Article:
quiet in the Naylor Hill neighborhood

 

There is even one American type fast food place in town: a KFC, that is packed every day, all day. The food at KFC (yes we did go there two times) is not  great (is any fast food great?) and seems expensive, so I don’t recommend it, but it’s popular with some locals.

Piggies

 Local fast food takes the form of shacks seemingly randomly located around  town like Piggies for example.  

Piggies  sells “jerk” chicken for $4 and is pretty good if you don’t mind the bone fragments. None of this between the joints stuff. Go up to the window order your chicken with festival (a fried bread) or save $0.50 and order without the bread. A good cheap meal if you don’t want to cook, and the jerk is not too hot or spicy.

Higher end restaurants are very few.  There is an Italian restaurant that is good and another  place called Soldiers Camp, run by a Jamaican and ex-US Army soldier, also very good.

Musgrave Market

We buy our fresh local foods at Musgrave open air market. In season the Mangos and papaya are excellent, oranges are good,  as is a verity of sweet potatoes .  Some local  foods are totally unfamiliar like ackee, sweet sop, sour sop,  white and yellow yam. They  look nothing like anything I buy at Whole foods or Safeway.  The ackee is poisonous unless prepared properly, and tastes to me a little like scrambled eggs. The sweet sop is like a custard pudding after peeling the skin; the sour sop tastes  like a kiwi with big ugly seeds.

But  everything is not perfect in Port Antonio. About 99.9% of the people here are black. So occasional we hear “hey white lady” or morning “pretty boy” or some other racist remark. We kind of stick out in a crowd. But we are literally walking among hundreds of people on the streets and to find one racist every few days is probably to be expected anywhere. One the other hand , even one is too many and puts a damper on my attitude here.  The smell of marijuana (ganja) is everywhere.

But we’ve met some wonderful people, hardworking , really good people and a few turds. Unfortunately, there are all kinds of people in this world.  The cabinet makers and other craft people have been super , well, except for the welder.

 

We met a goat herder that works as a drywall “mudder” as a 2nd job that looked after us (like he looks after his goats)  as we got lost wondering around the “naylor hill” neighborhood.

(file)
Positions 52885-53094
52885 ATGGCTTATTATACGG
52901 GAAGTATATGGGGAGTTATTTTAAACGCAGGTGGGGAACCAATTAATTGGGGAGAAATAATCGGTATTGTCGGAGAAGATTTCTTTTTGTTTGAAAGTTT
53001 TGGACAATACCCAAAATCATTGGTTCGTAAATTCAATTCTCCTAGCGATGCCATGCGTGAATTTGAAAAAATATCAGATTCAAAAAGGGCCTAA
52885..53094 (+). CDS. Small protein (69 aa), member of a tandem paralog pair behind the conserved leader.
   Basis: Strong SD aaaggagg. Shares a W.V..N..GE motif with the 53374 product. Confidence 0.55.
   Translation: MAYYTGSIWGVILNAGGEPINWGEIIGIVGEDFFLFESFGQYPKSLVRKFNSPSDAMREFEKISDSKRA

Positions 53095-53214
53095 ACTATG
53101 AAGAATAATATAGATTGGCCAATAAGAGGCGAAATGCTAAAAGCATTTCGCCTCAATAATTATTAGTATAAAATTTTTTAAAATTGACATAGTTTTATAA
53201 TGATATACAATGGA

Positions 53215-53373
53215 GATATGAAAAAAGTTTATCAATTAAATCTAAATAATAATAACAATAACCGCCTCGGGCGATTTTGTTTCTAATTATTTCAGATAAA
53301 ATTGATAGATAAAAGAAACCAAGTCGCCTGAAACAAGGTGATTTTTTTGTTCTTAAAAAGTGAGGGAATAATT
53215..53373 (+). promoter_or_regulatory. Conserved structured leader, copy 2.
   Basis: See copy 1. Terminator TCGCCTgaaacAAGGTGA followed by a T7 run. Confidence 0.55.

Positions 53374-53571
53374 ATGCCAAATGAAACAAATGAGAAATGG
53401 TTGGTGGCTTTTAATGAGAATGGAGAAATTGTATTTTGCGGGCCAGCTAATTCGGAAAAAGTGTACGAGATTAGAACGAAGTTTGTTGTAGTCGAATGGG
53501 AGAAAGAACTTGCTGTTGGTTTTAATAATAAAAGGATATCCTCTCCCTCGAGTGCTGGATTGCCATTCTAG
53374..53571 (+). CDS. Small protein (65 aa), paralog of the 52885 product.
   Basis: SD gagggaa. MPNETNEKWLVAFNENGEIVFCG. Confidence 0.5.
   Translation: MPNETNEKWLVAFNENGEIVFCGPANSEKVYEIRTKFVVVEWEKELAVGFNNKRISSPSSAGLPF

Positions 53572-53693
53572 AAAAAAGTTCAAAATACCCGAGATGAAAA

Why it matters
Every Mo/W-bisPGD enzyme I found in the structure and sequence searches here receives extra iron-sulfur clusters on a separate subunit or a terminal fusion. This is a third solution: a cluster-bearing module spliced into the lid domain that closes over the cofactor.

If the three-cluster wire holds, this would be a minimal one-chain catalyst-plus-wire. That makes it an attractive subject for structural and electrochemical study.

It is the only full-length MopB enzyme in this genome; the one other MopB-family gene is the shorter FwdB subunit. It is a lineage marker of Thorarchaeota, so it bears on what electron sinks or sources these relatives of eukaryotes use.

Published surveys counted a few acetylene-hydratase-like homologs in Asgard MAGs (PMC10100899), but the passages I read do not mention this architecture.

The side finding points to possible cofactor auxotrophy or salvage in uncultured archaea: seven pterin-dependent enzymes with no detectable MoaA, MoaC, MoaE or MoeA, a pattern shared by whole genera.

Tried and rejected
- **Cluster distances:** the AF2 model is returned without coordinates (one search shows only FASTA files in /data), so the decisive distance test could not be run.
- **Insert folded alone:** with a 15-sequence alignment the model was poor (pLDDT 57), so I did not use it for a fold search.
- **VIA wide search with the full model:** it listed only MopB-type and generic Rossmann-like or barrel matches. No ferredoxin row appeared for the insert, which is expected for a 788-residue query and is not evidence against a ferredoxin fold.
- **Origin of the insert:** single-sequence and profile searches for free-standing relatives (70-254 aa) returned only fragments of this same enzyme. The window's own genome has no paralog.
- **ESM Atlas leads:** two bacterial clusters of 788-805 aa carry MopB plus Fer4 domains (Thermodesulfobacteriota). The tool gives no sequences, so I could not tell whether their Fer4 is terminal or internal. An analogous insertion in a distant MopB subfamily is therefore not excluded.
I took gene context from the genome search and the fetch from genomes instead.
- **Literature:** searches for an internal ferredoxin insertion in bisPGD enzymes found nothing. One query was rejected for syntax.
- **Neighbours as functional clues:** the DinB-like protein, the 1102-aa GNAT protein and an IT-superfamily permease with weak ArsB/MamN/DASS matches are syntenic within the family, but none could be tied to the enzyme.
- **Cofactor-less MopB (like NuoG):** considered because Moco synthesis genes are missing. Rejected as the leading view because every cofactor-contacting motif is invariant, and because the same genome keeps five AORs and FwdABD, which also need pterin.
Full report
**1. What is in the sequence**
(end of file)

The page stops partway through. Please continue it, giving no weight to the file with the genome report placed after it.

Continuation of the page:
Dry wall worker and his goats

 

 

 

 

 

 

 

A few days before Christmas, the town elders held a large party for the children. The party was in the park near us, so we wondered over. Every child lined up to receive a gift. A very warm feeling was the buzz and the children had a great time, even if it was tough on the people giving the party.

 

 

At the Christmas Party

 

It’s mostly the homeless and hustlers that get old quickly. Most, if not all are harmless but annoying. The hustlers are all similar in their approach. Engage us in a conversation: “football” or “where are you from?” or some other random conversation. They take the lead and just start talking. As soon as we appear not interested anymore they ask for money. We never give them money.  A few of the street people just ask for money and a few, like the guy with one leg, we donate to.  But the guy in the wheel chair we don’t.  One local person, an ex US Army soldier and restaurant owner warned us he has three girlfriends and is well off, so we don’t give him money.

It’s not real cheap to live here. The taxes are very high.  Both food and merchandise come with high tariffs. I’m sure the  idea is to have  the people  buy local  but we and many Jamaicans have grown to like some things from off the island so the the high tariff  hurts (the people) more than helps.

The culture is rich in music and the people seem happy . But I can’t help the feeling that the government , even with all of it’s programs for the poor, isn’t helping the country or the people with the high taxes and tariffs. This a country really looking for a way out of it’s economic doldrums but not finding one.

Someones front yard- Port Antonio – maybe there is hope

I’ve created a picture galley of images different than the images shown in the blog, a bit more “arty”. They can be found here.

Port Antonio like a few other places, helps make us think about what is important and the relative degree of importance. Thoughts like those keep us from just going with the current of life and just letting the current steer. It’s better to be the one to steer. To determine what is really important and what can be discarded. Especially these days, with the many distractions that technologies like social media provide it’s important to be the steering for ourselves.

Places like Jamaica help us  perceive were to spend our time and where not to. 

-Ron O.